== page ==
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What Does CBD Mean?

What Does CBD Mean?

Ever heard of CBD? Maybe a friend referred to it in passing, or perhaps you’ve come across the abbreviation online. CBD is a relatively new addition to the expanding world of medicinal cannabis, but it is fast becoming a household name in the U.S. So, what does CBD mean, exactly?

What Does CBD Stand For?

CBD is the abbreviation for ‘cannabidiol’, pronounced can·na·bi·di·ol.

What does CBD stand for? CBD is the abbreviation for ‘cannabidiol’.

Where Does CBD Come From?

Cannabidiol, or CBD, was first isolated from the cannabis plant by a team of researchers at the University of Illinois early in the 20th century. Over the following decades, different teams further explored the compound to better understand its structure and characteristics, and research is ongoing. [1]

Cannabidiol comes from the Cannabis sativa L. genus of plants. At the moment, it is most commonly obtained from industrial hemp, but it can also be isolated from medical marijuana strains.

CBD Is A Cannabinoid in The Cannabis Plant

It’s natural to be confused by this tongue twister. When first introduced to the world of CBD, many people are confused by the cannabis lingo. Marijuana, cannabis, hemp and many more popular terms are thrown around with little regard for the specific definition. Yet, when it comes to understanding CBD, it’s important to clarify these definitions.

To keep it simple - Cannabis is a family of medicinal plants that encompasses many subspecies, and, depending on how the plant is grown and utilized, is commonly referred to as either ‘marijuana’ or ‘hemp’. This is very simply put because the classification remains controversial. For the purpose of the article, however, it is only necessary to understand that marijuana is well known for its psychoactivity (causing the feeling of being ‘high’ or ‘stoned’). Hemp, however, is well known for its usefulness in commercial production of fibers and oils, and low psychoactive content.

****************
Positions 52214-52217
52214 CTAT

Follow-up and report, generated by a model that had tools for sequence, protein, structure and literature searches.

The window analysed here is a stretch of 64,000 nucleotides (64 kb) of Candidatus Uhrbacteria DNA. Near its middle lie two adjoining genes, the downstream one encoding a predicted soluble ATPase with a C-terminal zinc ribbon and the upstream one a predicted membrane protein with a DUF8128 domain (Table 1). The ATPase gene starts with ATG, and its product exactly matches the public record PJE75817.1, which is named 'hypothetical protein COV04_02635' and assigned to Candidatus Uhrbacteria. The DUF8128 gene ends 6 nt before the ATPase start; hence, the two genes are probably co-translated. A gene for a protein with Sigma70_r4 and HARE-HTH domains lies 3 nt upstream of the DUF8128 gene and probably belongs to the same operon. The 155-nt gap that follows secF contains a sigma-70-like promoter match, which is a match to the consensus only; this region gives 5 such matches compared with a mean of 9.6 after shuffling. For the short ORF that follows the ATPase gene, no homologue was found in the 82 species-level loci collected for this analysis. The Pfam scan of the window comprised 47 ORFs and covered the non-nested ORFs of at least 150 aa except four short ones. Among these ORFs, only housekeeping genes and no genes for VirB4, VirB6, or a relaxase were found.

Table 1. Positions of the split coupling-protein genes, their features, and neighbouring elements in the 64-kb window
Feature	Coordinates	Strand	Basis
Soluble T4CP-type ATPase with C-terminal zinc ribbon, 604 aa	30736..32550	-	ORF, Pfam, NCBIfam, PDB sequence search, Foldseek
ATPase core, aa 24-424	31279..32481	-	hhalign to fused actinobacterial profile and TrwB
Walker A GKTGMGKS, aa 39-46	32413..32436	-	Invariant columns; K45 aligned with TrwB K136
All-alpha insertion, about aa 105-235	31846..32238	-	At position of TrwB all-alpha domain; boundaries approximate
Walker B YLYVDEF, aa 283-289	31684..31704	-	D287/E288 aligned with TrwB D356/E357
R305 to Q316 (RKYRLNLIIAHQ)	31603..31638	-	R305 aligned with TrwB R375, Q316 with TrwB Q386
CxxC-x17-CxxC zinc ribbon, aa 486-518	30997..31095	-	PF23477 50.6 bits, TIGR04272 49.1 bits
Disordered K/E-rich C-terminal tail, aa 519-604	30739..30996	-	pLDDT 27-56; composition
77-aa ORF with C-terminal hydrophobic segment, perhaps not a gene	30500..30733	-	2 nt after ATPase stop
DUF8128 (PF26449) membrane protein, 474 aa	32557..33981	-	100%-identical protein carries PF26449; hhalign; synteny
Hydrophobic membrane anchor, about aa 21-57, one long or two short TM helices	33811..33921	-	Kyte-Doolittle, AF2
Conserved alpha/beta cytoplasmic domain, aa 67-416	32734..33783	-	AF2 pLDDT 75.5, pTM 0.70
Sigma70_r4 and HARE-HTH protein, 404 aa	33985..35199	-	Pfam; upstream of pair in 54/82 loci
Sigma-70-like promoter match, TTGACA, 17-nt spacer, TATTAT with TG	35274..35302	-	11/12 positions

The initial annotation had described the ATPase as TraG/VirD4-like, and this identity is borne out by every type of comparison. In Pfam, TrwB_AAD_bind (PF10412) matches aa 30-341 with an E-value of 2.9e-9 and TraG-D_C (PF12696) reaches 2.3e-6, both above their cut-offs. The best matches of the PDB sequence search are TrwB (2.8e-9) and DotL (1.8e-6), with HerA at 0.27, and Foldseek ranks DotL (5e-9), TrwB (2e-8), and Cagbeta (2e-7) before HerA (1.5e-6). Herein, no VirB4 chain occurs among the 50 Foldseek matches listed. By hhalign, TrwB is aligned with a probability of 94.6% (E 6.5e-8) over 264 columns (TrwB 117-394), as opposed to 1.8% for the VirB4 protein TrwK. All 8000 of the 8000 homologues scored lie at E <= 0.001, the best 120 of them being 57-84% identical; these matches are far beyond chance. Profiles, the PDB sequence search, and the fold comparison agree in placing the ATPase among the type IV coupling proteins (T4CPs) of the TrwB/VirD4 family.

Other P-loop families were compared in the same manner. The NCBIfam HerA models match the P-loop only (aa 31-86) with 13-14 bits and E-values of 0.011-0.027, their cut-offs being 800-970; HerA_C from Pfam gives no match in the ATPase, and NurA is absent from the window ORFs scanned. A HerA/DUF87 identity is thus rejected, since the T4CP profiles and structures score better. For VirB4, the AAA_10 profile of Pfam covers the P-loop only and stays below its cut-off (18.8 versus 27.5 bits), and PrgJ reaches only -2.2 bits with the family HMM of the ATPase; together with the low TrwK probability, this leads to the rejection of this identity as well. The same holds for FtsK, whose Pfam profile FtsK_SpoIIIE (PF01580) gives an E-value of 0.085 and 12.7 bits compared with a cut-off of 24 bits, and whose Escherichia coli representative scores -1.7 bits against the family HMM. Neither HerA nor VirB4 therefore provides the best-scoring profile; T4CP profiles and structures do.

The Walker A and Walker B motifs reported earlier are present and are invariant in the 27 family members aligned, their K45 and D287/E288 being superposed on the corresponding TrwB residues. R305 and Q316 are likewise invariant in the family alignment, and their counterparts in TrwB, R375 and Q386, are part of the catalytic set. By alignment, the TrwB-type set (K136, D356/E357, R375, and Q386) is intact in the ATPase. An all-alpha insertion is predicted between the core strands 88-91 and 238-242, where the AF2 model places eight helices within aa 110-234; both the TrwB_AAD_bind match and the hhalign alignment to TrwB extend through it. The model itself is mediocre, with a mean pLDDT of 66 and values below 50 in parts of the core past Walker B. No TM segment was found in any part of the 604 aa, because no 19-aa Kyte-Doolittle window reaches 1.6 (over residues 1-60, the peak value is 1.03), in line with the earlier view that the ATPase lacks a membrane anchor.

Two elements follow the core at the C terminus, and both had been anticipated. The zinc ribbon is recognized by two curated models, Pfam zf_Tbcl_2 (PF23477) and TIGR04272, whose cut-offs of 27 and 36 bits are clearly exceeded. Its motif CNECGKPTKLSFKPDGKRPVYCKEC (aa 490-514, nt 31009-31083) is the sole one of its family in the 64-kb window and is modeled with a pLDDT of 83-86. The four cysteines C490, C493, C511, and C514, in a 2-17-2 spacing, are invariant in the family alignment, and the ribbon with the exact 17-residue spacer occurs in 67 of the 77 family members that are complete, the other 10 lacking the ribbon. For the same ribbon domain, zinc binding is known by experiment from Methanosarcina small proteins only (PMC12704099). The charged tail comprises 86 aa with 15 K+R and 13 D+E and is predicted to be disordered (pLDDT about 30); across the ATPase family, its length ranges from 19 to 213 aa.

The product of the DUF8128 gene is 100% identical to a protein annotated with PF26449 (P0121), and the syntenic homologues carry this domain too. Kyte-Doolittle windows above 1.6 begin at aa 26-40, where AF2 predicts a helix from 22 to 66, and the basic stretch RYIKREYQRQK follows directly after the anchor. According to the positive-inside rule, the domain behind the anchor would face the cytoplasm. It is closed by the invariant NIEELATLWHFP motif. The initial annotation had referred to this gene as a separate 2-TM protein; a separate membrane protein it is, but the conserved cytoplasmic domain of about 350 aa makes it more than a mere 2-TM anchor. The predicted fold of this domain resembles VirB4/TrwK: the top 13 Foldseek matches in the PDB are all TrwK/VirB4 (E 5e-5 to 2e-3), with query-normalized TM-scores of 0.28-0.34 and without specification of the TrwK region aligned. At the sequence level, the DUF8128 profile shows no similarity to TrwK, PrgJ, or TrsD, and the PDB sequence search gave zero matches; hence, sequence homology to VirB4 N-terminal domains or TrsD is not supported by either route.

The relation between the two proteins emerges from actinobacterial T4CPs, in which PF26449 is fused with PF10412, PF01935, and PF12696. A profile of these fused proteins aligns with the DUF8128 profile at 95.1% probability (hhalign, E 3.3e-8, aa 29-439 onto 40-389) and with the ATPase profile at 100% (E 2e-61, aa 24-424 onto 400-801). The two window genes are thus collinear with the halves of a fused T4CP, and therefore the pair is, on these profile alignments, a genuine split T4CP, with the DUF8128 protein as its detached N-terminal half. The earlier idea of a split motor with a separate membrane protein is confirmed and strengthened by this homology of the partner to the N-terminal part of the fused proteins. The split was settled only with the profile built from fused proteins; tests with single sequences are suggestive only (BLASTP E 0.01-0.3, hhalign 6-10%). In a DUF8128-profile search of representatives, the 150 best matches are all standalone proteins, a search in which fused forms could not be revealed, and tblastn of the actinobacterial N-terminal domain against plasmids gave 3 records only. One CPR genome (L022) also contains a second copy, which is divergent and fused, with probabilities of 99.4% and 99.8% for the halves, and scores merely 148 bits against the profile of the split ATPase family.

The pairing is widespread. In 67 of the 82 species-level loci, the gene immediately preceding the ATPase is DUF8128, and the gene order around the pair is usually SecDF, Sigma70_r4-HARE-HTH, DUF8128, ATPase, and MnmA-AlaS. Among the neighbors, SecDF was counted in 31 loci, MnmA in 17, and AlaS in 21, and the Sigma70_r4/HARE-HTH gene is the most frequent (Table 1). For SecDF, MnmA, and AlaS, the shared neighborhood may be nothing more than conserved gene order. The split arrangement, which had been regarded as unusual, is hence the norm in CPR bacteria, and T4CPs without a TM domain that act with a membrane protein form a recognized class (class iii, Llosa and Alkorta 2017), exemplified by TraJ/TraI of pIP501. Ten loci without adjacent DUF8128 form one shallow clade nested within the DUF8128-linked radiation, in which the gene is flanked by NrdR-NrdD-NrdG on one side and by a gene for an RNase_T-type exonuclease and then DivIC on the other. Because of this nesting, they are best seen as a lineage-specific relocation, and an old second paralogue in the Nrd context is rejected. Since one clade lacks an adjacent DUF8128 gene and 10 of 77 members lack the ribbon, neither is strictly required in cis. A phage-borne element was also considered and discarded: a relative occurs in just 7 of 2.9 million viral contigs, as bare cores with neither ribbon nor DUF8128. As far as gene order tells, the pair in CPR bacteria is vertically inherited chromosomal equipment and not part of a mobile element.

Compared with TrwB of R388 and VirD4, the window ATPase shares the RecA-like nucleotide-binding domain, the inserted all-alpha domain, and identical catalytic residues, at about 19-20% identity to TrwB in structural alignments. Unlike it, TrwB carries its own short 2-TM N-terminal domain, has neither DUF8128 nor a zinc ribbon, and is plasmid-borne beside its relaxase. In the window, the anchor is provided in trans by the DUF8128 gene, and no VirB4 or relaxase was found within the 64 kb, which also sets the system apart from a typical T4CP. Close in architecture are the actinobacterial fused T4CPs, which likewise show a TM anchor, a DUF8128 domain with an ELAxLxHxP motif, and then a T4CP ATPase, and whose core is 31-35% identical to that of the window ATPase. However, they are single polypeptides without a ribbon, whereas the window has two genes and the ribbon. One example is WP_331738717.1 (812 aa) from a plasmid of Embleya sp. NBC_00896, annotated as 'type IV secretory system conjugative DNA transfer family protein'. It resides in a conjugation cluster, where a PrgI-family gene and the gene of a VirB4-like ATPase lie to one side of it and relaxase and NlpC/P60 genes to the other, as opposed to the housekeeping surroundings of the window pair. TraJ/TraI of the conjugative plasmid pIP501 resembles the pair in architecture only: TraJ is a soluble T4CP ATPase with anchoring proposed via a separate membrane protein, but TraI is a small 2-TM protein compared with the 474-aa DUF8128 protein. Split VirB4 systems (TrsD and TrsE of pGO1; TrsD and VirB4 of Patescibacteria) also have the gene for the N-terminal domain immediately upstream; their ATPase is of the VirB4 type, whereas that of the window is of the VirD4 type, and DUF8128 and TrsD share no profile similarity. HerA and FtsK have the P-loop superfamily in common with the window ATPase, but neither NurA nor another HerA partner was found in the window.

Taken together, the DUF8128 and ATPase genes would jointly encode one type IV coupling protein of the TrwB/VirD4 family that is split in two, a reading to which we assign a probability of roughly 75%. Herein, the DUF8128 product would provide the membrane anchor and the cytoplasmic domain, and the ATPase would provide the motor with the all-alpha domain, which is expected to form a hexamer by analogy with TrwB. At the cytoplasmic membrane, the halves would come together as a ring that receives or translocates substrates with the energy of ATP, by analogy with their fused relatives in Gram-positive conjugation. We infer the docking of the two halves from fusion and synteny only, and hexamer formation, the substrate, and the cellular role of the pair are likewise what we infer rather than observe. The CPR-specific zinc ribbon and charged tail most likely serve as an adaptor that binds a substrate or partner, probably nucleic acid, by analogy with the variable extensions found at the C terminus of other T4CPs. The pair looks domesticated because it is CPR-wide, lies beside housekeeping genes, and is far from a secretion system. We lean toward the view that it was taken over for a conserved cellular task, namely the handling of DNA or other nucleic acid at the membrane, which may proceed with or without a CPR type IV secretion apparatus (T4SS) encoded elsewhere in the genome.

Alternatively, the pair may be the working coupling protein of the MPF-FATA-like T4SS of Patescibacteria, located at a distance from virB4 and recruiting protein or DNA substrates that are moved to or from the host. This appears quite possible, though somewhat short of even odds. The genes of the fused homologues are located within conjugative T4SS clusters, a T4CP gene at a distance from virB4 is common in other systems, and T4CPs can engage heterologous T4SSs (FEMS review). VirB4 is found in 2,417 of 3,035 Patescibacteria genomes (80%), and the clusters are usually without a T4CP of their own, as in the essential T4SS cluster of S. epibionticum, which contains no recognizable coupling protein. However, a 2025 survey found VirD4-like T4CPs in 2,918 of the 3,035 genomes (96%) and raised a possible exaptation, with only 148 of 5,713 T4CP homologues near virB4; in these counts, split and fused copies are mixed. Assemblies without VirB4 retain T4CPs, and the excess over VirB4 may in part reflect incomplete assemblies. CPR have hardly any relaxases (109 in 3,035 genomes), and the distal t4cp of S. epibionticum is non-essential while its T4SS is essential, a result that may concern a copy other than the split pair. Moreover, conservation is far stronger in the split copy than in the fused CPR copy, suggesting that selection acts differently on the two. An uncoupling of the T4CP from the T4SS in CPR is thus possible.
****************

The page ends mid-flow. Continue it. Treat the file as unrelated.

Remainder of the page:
But what does CBD mean? Cannabidiol as a term can be confusing because, technically, it is derived from both medical marijuana and hemp plants. Each cannabis plant contains anywhere from a few dozens to over a hundred cannabinoids. One of the best-studied cannabinoids is tetrahydrocannabinol (THC), another is CBD.

What’s the Difference Between CBD and THC?

Although THC and CBD are both cannabinoids with therapeutic potential, there is a significant difference between them. THC is the only cannabinoid responsible for the well-known psychoactivity of marijuana, the so-called “high.” None of the other hundred or so cannabinoids, including CBD, triggers a psychoactive response.

Is CBD Legal?

When sourced from certified hemp plants, CBD is legally sold across the U.S. and in many countries around the world. Marijuana, which naturally contains over 0.03 percent THC, remains illegal in America and is restricted by federal regulations. That said, different federal departments seem to have different ideas about CBD products.

RELATED: Is CBD Hemp Oil Legal in All 50 States?

What Does CBD Mean for Human Health?

It’s all well and good to understand the finer points of what CBD stands for, but it’s also helpful to understand its medicinal value. Like THC, CBD has demonstrated potential with indications for a host of health issues, ranging from inflammation and chronic pain to anxiety and depression. Unlike THC-heavy cannabis trains, CBD doesn’t have side effects such as euphoria, paranoia, and anxiety. It’s been shown as safe to use, with very low toxicity in humans and other species. [3]

Most research into CBD is in its preliminary stages, but this hasn’t stopped many people from flocking to obtain it as a viable alternative to mainstream medicine. Some use it for the stated conditions, while it is also indicated for drug-resistant epilepsy in children, and improving quality of life for patients with neurodegenerative diseases such as Parkinson’s.[4][5]